Across Europe, the far right is both mobilizing in the streets and gaining electorally through whipping up anti-Muslim racism and Islamophobia against refugees, migrants and Muslim citizens. The Pegida movement in Dresden, Germany, continues to mobilize thousands “in defence of the Occident” on a weekly basis. Meanwhile, Geert Wilders’s Freedom Party has become the main opposition party in the Netherlands and Marine LePen’s Front National is making a strong showing in the French presidential election campaign.
As heads of states pursue policies or make statements indistinguishable from the far right it becomes obvious that the far right is driving the agenda. President Trump’s Muslim travel ban (Executive Order 13769), former British Prime Minister David Cameron referring to refugees as a “swarm,” and German Chancellor Merkel’s pronouncement that “Multkulti ist tot” (multiculturalism is dead) are cases in point.
Moreover, every country has its fair share of liberals, feminists and leftists who are more than happy to (ab)use feminism, gay rights, or human rights – the three pillars of the New Left – to argue that Islam poses a threat to Western civilization. When challenged over the racist content of their statements, they argue that Islamophobia isn’t racism because Islam isn’t a race but a religion after all.
There are two ways to address the likes of French author Michel Houellebecq, German feminist Alice Schwarzer or US talk show host Bill Maher who advance this type of argument.
First, they fail to recognize that racist ideology and its justifications have shifted from biological racism to the terrain of culture. According to the scholar Edward Saïd, the primacy of the cultural terrain in the construction of anti-Muslim racism has its roots in the West’s colonial experience. Through the framework of what Saïd labels “orientalism,” populations of the Middle East and North Africa are homogenized. A 2011 Pew study on US Muslims, by contrast, dismisses the idea of a homogenous Muslim community. It shows that they are just as likely or unlikely to visit their place of worship once a week as their fellow Christian citizens.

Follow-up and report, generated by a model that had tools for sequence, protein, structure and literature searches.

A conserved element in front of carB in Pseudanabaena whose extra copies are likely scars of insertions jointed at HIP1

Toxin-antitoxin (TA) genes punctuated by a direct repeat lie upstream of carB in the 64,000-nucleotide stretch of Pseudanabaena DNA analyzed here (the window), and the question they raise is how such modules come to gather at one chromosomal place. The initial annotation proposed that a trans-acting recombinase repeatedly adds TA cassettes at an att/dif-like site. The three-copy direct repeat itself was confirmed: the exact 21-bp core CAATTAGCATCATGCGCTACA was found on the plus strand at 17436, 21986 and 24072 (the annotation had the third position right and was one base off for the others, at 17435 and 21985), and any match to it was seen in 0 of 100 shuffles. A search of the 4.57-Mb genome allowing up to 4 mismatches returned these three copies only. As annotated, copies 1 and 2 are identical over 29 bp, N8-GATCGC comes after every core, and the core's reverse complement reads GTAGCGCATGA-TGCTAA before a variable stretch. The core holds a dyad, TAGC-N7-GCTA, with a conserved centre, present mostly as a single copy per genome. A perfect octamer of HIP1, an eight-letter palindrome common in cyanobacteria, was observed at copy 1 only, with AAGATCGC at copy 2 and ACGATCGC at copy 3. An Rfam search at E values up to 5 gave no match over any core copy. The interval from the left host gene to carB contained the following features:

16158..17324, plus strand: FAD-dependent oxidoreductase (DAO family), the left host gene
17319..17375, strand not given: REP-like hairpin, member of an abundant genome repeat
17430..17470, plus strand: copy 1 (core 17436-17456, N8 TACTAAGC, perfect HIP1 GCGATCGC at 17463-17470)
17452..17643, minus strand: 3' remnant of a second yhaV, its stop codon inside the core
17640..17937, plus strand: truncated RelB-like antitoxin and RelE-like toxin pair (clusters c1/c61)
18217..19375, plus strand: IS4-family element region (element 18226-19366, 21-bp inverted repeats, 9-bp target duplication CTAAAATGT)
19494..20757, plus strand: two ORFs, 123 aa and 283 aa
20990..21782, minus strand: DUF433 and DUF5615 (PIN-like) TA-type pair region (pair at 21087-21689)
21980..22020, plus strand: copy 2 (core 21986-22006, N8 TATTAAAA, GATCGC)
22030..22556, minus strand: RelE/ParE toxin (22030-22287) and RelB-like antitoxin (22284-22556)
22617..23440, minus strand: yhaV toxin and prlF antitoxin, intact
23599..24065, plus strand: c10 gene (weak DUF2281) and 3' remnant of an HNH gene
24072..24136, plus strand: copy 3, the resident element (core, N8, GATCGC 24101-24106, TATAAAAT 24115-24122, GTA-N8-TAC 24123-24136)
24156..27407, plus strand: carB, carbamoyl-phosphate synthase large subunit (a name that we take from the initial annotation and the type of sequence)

Second, a human rights argument can be made. The United Nation’s International Convention on the Elimination of All Forms of Racial Discrimination establishes freedom of thought, conscience and religion as a civil right (Art 5.vii). The convention further argues that racial discrimination is premised on purpose or effect regardless of one’s intention (Art.1).
Aside from the intentional racism of the far right we can see how Muslims in North America and Europe are subject to racial discrimination in their working lives. Research shows that racial discrimination of Muslims manifests itself primarily in exclusion from the labor market. Hence, the homogenization of Muslim citizens and migrants has direct consequences for their employment prospects.
Studies from Germany show that workers with a Muslim, Turkish or Arabic background are disproportionately discriminated against in the labour market. (Kreienbrink and Stichs 2012; Peucker 2010)
A British House of Commons committee report found that Muslims were more than twice as likely to be unemployed as the general UK population. At the same time, Clark and Drinkwater find that “the probability of white British Muslims gaining employment is 16-20 percentage points lower than those with no religion.”
In 2010, Muslim employees in the US filed 803 claims of employment discrimination which was a 20 percent rise from 2009 and a 60 percent rise from 2005 (newer figures not available).